Defective medical devices are not limited to those implanted in a patient’s body. Patients who must use canes, wheelchairs, or other devices to get around are susceptible to a whole array of device warnings and risks that other Americans are not.
In mid-January the U.S. Food and Drug Administration approved a first-of-its-kind device to treat obesity, according to a FDA press release. The device, known as the Maestro Rechargeable System, realigns nerve pathways between the brain and the stomach. It’s the first FDA-approved device to fight obesity since 2007, and is approved for patients who have a body mass index of 35 to 45, with at least one other obesity-related condition. One such condition would be Type 2 diabetes.
Lupron is a hormonal regulator that has several dangerous, if not oft-publicized side effects of which every patient should be aware. The drug is prescribed to help slow early-onset puberty in teenagers, to men who exhibit signs of prostate cancer, and to help treat women with endometriosis, a rare condition in which the lining of the uterus grows outside the actual uterus. According to the U.S.
Thrombosis, or blood clots as they are colloquially known, tend to manifest naturally in men more than women. Women, however, are at risk for blood clots primarily because of pregnancy, birth control, and other hormonal therapies men do not generally take, according to StopTheClot.org.
With cancer rates at an all-time high and cancer remaining a leading cause of death in the United States, the word biopsy has become a household term. A biopsy, according to WebMD, is the examination of a contaminated tissue that was removed from the body to determine what disease—or to what extent the disease is present—is afflicting a patient. A patient will undergo a biopsy if he or she has abnormal test results or if a medical practitioner suspects that it could identify an unidentified condition.
In recent years, testosterone therapies to help men with erectile dysfunction or low testosterone levels have become more common than ever. With the advances in such medication, however, come advances in risks that accompany such treatment. According to WebMD.com, testosterone replacement therapy (TRT), are not as common as one may think.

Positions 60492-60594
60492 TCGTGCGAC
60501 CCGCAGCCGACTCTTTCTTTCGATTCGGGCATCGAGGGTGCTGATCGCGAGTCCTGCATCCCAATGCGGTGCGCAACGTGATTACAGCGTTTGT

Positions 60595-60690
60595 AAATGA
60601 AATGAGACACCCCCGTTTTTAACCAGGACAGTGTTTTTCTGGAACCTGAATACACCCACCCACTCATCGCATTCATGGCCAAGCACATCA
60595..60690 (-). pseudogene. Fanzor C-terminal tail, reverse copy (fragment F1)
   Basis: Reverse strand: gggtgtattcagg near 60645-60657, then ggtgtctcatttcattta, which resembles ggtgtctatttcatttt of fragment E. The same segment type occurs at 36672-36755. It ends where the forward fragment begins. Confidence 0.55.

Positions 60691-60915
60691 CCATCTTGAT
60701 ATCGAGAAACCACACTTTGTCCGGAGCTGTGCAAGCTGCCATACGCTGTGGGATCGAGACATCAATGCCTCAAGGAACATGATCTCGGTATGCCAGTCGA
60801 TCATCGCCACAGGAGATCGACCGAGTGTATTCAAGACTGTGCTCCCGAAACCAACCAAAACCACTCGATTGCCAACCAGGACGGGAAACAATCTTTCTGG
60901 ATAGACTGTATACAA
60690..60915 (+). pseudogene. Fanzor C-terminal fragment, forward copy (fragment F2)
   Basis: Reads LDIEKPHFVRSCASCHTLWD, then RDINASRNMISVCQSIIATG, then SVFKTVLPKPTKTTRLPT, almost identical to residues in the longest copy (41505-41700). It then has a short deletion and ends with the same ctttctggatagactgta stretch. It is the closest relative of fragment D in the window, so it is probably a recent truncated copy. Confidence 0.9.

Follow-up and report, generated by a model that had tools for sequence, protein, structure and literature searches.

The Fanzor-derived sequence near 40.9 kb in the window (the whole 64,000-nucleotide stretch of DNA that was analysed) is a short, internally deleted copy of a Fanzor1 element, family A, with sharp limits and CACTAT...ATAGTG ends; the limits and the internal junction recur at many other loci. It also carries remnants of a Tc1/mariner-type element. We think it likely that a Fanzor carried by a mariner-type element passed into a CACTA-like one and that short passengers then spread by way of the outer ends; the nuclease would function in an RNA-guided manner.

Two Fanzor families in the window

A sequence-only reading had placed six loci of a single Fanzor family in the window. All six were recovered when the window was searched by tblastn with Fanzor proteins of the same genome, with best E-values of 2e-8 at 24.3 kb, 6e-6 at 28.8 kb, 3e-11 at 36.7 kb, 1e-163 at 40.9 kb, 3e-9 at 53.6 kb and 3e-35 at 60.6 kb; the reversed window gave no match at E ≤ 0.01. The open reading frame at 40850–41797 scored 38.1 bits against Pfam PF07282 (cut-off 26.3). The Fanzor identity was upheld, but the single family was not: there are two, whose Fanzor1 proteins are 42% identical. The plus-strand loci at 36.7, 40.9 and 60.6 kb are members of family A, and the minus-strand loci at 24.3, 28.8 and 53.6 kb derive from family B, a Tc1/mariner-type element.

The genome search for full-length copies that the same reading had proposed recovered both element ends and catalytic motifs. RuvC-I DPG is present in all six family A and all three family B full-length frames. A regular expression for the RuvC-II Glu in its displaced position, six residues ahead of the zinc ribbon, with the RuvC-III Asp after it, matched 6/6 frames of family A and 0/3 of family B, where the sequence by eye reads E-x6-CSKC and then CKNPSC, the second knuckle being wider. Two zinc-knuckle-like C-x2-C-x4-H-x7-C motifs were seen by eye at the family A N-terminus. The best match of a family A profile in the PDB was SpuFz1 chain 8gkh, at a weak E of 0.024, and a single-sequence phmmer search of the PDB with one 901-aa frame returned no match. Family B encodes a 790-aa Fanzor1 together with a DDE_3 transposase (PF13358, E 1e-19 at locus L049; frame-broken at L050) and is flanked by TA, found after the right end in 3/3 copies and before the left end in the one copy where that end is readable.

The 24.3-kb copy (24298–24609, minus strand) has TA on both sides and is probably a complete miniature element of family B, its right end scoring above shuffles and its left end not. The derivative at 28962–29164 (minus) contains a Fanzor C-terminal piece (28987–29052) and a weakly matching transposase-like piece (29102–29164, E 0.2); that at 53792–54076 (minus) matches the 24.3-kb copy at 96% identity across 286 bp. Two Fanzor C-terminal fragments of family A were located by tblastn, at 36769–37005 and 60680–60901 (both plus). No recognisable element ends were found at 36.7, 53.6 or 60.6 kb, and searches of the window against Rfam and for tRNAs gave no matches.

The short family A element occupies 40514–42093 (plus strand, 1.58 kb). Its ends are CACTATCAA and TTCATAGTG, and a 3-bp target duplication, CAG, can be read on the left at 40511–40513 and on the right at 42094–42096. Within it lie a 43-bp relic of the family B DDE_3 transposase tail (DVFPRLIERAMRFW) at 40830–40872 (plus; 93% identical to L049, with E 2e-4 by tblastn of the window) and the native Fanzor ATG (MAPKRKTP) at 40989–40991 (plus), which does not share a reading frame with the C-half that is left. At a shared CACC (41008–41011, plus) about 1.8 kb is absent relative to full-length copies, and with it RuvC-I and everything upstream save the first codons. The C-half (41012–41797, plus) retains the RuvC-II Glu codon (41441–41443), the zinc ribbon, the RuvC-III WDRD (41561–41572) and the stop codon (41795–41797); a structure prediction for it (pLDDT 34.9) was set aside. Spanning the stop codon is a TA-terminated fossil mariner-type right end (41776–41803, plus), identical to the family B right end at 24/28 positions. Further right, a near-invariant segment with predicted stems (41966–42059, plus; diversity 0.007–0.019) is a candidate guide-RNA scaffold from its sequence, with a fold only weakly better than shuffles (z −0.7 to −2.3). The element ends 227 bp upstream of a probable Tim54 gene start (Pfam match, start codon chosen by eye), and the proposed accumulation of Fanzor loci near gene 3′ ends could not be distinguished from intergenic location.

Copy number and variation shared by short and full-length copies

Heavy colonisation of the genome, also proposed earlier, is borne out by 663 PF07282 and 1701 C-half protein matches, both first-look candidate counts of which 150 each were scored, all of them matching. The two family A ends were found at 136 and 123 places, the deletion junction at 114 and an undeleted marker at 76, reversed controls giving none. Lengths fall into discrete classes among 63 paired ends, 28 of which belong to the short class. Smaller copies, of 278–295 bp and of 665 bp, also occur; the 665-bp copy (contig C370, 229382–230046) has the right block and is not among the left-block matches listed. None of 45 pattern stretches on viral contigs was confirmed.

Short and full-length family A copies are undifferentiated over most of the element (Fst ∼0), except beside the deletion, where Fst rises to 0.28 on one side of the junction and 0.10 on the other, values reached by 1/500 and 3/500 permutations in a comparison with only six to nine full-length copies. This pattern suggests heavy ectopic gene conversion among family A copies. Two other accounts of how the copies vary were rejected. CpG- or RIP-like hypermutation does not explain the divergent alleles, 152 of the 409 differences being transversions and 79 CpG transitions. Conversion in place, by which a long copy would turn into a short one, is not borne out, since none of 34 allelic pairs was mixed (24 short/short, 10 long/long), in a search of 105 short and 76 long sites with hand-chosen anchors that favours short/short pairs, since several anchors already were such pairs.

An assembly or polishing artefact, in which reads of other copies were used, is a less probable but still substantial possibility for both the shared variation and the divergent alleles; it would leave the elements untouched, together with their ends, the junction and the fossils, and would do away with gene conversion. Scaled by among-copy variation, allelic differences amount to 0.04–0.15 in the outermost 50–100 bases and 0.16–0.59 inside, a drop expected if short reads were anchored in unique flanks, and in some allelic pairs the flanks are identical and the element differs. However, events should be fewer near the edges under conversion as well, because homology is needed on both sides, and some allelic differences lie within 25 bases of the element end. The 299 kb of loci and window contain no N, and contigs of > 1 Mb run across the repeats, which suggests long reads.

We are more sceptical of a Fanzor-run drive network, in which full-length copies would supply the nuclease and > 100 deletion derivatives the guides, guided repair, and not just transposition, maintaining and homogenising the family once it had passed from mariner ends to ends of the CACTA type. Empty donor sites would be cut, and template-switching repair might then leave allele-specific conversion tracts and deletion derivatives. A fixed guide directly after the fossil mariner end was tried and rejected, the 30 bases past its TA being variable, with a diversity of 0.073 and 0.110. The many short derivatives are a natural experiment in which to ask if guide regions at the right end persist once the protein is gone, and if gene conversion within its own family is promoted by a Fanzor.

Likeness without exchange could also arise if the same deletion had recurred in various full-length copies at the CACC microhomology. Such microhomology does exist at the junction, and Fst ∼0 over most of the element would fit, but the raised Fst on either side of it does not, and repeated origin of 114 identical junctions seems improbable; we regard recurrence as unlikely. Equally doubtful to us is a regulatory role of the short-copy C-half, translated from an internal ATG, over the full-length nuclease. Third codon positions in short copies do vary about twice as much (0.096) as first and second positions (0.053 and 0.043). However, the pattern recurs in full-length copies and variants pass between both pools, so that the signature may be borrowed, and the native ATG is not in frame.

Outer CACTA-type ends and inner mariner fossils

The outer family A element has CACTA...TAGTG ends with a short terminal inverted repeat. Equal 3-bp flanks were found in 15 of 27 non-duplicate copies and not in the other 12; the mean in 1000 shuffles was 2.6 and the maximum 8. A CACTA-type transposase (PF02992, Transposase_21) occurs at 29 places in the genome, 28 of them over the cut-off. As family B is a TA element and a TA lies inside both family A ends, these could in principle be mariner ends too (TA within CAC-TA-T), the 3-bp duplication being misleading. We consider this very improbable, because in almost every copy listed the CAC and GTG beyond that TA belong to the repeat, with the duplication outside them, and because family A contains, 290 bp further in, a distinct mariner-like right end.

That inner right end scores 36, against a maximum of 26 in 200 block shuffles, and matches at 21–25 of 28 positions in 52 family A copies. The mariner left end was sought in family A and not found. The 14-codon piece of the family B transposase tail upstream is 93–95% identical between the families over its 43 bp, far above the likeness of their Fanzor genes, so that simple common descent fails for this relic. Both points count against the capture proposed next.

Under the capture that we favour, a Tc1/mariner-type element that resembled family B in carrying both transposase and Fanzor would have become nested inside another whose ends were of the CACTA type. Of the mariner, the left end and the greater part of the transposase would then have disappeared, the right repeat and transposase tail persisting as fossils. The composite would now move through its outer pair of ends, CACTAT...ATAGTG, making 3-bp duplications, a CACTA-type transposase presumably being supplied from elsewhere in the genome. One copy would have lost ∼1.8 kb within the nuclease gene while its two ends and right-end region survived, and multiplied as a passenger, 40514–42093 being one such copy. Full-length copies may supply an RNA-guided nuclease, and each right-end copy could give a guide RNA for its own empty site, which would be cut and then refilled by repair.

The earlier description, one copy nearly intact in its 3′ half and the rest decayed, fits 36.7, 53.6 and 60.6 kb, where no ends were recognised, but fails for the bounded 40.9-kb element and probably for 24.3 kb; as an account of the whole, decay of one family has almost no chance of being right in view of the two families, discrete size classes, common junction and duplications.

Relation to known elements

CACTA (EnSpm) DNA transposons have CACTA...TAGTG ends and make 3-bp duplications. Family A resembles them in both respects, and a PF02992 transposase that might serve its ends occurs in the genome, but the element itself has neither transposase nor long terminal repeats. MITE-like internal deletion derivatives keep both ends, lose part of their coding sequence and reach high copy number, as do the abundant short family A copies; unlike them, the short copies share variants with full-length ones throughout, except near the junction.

Heart surgery and the implementation of a heart device are very serious procedures. According to the New York University Langone Medical Center coronary revascularization is one of the most risky heart procedures for patients; however, it is recommended for heart failure patients who have a varying degree of severity of heart problems.
A new study published in the Journal of Patient Safety has concluded that the number of patients who die from medical mistakes in hospitals is significantly higher than past studies have revealed.
In 1999, a report titled “To Err is Human,” which was published by the Institute of Medicine, put that number at 98,000. At the time the report was published, the medical community balked that number but in time accepted it as factual.
The business of hip and knee implants is growing. It’s not just baby boomers who need these implants, but the under 65 market is expanding as well. Estimates are that by 2030 when 4 million replacements will be put in, half of all patients will be under 65. Since people are getting replacements at a younger age, they will have th
Doctors spend years studying medicine before they are allowed to make care decisions. Even once they receive their doctoral degrees, they work underneath doctors with tenure and on the job experience. Yet the fear of lawsuits makes most doctors practice defensive medicine. That means that instead of focusing on helping a patient, these doctors are practice medicine to avoid legal action.